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DHCP problems.

farfo asked
Last Modified: 2007-12-19
We've been having intermittent issues with WinXP clients and slow DHCP.

The pattern with regard to which clients are affected seems pretty random.
Things can be fine for a couple of days, then a handful of clients will be hit by
slow DHCP again- displaying a "Limited or no connectivity" icon for up to 30 seconds.

The disruption to network connectivity at logon affects GPO processing (e.g. logon scripts
applied by GPO fail to run), and affected users are required to log off, then back on again
to get their network drives etc.

Setting a static IP on affected clients also resolves all problems.  

We have:
- a 192.168.0.* network.  
- W2K3 server.  DHCP runs on a D.C.
- Win XP SP2 clients.
- Cisco Catalyst 3500 Switches

The errors in XP client Event logs include:

1) Source: Userenv
Event ID: 1054
Windows cannot obtain the domain controller name for your computer network. (The specified domain
either does not exist or could not be contacted. ). Group Policy processing aborted.

2) Source: userinit
Event ID: 1000

Could not execute the following script Logon.vbs. The system cannot find the file specified.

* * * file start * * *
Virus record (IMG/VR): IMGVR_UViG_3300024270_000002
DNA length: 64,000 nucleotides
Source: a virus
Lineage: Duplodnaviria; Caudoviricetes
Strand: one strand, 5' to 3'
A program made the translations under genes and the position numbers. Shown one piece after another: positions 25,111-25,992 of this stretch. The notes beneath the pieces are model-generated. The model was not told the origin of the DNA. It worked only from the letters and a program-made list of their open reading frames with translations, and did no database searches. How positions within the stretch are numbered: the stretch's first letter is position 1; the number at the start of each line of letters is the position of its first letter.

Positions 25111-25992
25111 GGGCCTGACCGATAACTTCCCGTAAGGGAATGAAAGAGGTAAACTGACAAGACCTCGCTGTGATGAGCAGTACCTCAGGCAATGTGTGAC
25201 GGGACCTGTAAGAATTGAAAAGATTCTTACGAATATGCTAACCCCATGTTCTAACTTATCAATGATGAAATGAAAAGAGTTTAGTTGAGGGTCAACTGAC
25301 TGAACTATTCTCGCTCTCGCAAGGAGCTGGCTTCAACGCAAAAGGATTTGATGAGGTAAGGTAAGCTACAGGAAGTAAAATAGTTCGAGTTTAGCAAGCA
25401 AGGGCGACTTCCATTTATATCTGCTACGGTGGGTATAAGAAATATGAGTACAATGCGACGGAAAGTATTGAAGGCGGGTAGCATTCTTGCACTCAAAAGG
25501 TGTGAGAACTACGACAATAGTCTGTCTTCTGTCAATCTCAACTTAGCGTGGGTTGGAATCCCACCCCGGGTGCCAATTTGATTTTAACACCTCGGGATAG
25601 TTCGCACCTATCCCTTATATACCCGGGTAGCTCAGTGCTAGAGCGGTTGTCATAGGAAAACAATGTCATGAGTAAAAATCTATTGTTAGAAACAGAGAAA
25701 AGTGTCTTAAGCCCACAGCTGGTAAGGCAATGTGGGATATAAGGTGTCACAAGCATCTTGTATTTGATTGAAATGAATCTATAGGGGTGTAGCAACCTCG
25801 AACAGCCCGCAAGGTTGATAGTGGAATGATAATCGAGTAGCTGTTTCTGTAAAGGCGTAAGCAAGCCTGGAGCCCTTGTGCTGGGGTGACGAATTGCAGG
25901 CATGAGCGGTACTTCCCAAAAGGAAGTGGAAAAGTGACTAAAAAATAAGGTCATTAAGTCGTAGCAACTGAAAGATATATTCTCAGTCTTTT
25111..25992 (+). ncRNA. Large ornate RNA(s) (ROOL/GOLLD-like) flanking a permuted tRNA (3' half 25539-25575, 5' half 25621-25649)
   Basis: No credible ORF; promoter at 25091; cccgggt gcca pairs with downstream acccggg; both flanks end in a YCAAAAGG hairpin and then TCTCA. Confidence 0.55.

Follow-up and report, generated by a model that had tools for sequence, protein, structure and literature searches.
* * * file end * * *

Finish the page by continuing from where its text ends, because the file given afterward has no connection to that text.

3) Source: DHCP
Event ID: 1007
Type: Warning

Your computer has automatically configured the IP address for the Network card with network address
XXXXXXXXXXXX.  The IP address being used is

4) Source: DNSApi
EventID: 11191
Type: Warning

The system failed to update and remove pointer (PTR) resource records (RRs) for network adapter
with settings:

   Host Name : XXXX
   Adapter-specific Domain Suffix : company.local
   DNS server list :
           192.168.0.X, 192.168.0.Y
   Sent update to server : <?>
   IP Address :

 The system could not remove these PTR RRs because because of a system problem. For specific error code, see the record data displayed below.

5) Source DHCP
EventID: 1002
Type: Error


The IP Address lease for the network card with network address XXXXXXXXXX has been
denied by the DHCP server 192.168.0.X (the DHCP server sent a DHCPNACK message).


With 3) above it's weird- the client will display a 192.168.0.* address when I run ipconfig on it-
not an APIPA address as indicated.

4) and 5) are also strange given our network is a 192.168.0.*

Any ideas?  I'm concerned about possible rogue servers or ICS on the network (some of our users get a
bit "creative" occasionally)- but a second opinion / confirmation  would be great.

I've already tried the following without any luck:
      - Applying the "Always wait for the network at computer startup.." GPO setting
      - Disabling Spanning Tree protocol on the Switches:             

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